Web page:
A definite sign of the times, considering the swine flu didn’t even exist a year ago.
Getting the vaccine came so highly recommended, but I still wasn't sure I wanted it. I've never had any sort of flu shot. I asked co-workers if they were planning yo get it. I got mixed reviews, but supporters of the vaccine all looked at me like I was crazy for even questioning it.
“Yes, of course you should get it! It’s free!”
I like free stuff. But this is a shot. I don’t like shots, even if they’re free.
“Why wouldn’t you?”
Because maybe the swine flu is much ado about nothing? And because nobody knows anything about this vaccine?
“If you get the swine flu and come in here and affect everyone, Stephanie, I’m gonna be pissed.”
Well if you get the vaccine, then you should be safe, right?
In the end, I got the shot. Not because I was worried about getting the swine flu and not because I thought my immune system couldn"t handle it if I did. I did it for the blog. I didn't like it, though. I pride myself on being a pretty healthy person and I’m completely drug free. Free of antibiotics, prescriptions, until this day, vaccines. In my head, I was tougher for not participating in modern medicine. Getting the shot made me just like everyone else. A swine-flu free wuss.
I thought that would be it for this day. Day 80 took an unexpected turn, however, when I met my friend Melanie for dinner at a restaurant in my neighborhood, The Glenwood. The food was good, but the dinner wasn't particularly extraordinary.
That is, until the manager of the place, an Al Pacino looking gentleman stopped by our table and invited us next door to hear the jazz band that plays there every Wednesday night. Melanie and I looked at each other and said, "Why not?"
We shut the bar down, but not before we met Al's wife, who is also a restaurant manager and his son and his son's girlfriend, who both work at the restaurant. The night was so unexpected and so fun. Al refused to let us pay for any of it. He wouldn't even let us leave him a tip. It was like we were all old friends drinking at his house.
Tuesday, January 19, 2010
What to do when I can't think of anything else? Cook.
Day 78's thing I've never done before was to make a fruit cake.
Anytime someone says the words (or is it word?), "fruit cake," a negative reaction almost always follows.
Fruit cake is the dense, Christmas dessert with brightly colored candies and God knows what else in it. I've never eaten fruit cake because every fruit cake I've ever seen looks completely disgusting. I've definitely never made one.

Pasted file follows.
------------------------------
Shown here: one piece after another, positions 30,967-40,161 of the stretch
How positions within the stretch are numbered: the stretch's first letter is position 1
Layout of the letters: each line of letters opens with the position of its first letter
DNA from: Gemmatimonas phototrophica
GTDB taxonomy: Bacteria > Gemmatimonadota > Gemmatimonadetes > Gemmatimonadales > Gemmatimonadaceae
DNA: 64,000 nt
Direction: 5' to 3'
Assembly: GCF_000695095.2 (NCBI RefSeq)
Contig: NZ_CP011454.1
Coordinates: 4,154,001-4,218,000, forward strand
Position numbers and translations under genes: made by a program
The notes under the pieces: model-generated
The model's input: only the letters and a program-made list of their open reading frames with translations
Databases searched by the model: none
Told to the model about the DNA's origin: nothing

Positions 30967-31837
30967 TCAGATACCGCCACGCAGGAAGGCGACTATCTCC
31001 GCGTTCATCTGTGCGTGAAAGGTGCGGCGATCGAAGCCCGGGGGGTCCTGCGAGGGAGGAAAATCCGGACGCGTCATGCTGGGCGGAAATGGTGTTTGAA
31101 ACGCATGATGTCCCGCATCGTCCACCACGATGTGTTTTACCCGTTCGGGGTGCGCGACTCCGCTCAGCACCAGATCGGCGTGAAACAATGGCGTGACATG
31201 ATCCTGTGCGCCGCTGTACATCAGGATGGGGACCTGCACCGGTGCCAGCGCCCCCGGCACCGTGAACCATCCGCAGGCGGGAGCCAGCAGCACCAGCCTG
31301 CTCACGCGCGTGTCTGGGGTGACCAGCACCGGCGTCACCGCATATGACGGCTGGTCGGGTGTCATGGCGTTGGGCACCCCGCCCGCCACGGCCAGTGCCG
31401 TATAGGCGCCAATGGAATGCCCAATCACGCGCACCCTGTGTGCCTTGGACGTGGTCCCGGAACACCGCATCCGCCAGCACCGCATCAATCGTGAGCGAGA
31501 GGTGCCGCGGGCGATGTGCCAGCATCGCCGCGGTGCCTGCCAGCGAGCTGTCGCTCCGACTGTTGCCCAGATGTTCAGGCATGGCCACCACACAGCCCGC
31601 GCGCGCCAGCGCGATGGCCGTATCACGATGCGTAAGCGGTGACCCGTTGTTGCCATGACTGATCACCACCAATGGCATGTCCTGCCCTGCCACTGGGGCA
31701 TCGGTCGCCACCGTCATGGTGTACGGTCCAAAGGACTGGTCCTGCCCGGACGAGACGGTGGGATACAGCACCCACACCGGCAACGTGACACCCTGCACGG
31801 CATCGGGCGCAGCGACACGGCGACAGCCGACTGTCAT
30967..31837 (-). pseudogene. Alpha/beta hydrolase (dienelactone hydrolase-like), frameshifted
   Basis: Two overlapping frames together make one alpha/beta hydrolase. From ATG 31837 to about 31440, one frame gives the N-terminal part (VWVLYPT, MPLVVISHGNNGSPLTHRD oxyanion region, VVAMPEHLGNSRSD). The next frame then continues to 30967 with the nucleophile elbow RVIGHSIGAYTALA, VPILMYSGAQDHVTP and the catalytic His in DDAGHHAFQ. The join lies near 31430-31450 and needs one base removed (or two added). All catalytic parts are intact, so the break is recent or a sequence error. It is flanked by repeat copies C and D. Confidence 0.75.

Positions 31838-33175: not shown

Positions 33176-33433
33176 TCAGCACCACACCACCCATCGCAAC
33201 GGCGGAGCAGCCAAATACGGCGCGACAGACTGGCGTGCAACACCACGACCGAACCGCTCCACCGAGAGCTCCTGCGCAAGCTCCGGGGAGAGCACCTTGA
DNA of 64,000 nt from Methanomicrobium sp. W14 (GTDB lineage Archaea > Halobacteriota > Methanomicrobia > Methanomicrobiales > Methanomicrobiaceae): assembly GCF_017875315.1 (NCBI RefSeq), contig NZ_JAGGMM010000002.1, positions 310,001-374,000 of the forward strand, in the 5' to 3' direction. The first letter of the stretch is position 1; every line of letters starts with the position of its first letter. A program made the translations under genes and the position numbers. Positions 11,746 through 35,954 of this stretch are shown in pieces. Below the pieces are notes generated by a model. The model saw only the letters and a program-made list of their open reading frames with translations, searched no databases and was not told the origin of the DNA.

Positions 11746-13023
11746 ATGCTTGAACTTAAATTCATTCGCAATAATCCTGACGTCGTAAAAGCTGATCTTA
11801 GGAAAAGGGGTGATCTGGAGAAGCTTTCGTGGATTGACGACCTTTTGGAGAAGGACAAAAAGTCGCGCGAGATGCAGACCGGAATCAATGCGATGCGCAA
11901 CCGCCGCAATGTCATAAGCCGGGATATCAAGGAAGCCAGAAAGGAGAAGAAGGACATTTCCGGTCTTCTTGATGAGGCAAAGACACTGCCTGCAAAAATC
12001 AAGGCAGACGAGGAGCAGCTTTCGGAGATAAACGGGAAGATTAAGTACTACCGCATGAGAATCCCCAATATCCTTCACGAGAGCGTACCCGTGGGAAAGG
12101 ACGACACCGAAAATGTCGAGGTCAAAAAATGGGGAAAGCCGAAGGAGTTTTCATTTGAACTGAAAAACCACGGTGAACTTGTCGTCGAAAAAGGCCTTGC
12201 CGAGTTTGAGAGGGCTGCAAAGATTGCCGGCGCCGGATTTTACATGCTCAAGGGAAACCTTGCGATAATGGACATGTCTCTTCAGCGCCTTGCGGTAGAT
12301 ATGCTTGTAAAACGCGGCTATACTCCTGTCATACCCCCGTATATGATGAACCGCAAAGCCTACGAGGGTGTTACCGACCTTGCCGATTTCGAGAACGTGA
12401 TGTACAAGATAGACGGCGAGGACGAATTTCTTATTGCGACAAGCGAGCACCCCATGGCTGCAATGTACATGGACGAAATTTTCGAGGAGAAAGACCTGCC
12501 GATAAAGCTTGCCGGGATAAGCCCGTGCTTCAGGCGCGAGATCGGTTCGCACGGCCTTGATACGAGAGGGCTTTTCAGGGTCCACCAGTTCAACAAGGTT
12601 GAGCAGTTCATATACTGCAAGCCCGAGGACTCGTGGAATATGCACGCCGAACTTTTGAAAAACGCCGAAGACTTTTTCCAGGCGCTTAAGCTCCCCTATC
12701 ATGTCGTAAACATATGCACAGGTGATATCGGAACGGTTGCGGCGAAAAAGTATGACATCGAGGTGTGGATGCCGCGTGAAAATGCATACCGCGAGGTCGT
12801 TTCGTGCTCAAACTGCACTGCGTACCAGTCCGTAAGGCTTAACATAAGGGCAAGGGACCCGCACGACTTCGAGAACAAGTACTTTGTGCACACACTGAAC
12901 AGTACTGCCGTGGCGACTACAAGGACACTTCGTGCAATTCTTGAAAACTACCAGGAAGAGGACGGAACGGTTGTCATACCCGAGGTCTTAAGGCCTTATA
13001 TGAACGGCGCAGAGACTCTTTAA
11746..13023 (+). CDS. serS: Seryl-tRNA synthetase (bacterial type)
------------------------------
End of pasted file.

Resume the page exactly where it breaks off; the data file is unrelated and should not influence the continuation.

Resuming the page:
This was my year. To make fruit cake?! Gah, I’m so lame.
I found an Emeril Lagasse recipe for Creole Christmas Fruit Cake with Whiskey Sauce. I had high hopes. First, it's Emeril. His stuff always looks good. "Creole" in the title sounded promising too. Plus "Whiskey Sauce?" Whiskey makes everything better. If a tasty fruit cake exists, I figured Emeril was behind it.
Making fruit cake, I quickly learned, was not the cake walk (pun intended) that I hoped it would be. It did not help my Christmas stress level whatsoever. Fruit cake is involved, and requires a great deal of preparation. It's also expensive, calling for assorted dried fruits, three different kinds of nuts, and two different kinds of liquor. I spent at least $35 on a cake that I was pretty sure I wasn’t going to like and pretty sure no one else would eat once they found out it was fruit cake.
If this blog is going to make me poor, which it’s starting to already, I’d prefer it to be on exotic trips to places I've never seen before. Not on Gran Marnier knockoff liquor and a 1/5 of Jim Beam required to bake a cake.
The assembly of the cake mixture was pretty standard. There was a lot more chopping and measuring than usual because there were so many more ingredients, but the cake turned out beautifully. It looked pretty, anyway.
Fruit cake is one of the few things that I've ever made that is not supposed to be served right away. Emeril told me to put the fruit cake in cheesecloth and put it in a plastic freezer bag. Not having either of those things, I left the cake on the plate, wrapped it in coffee filters and covered it with plastic wrap. That’s kind of the same thing. Right?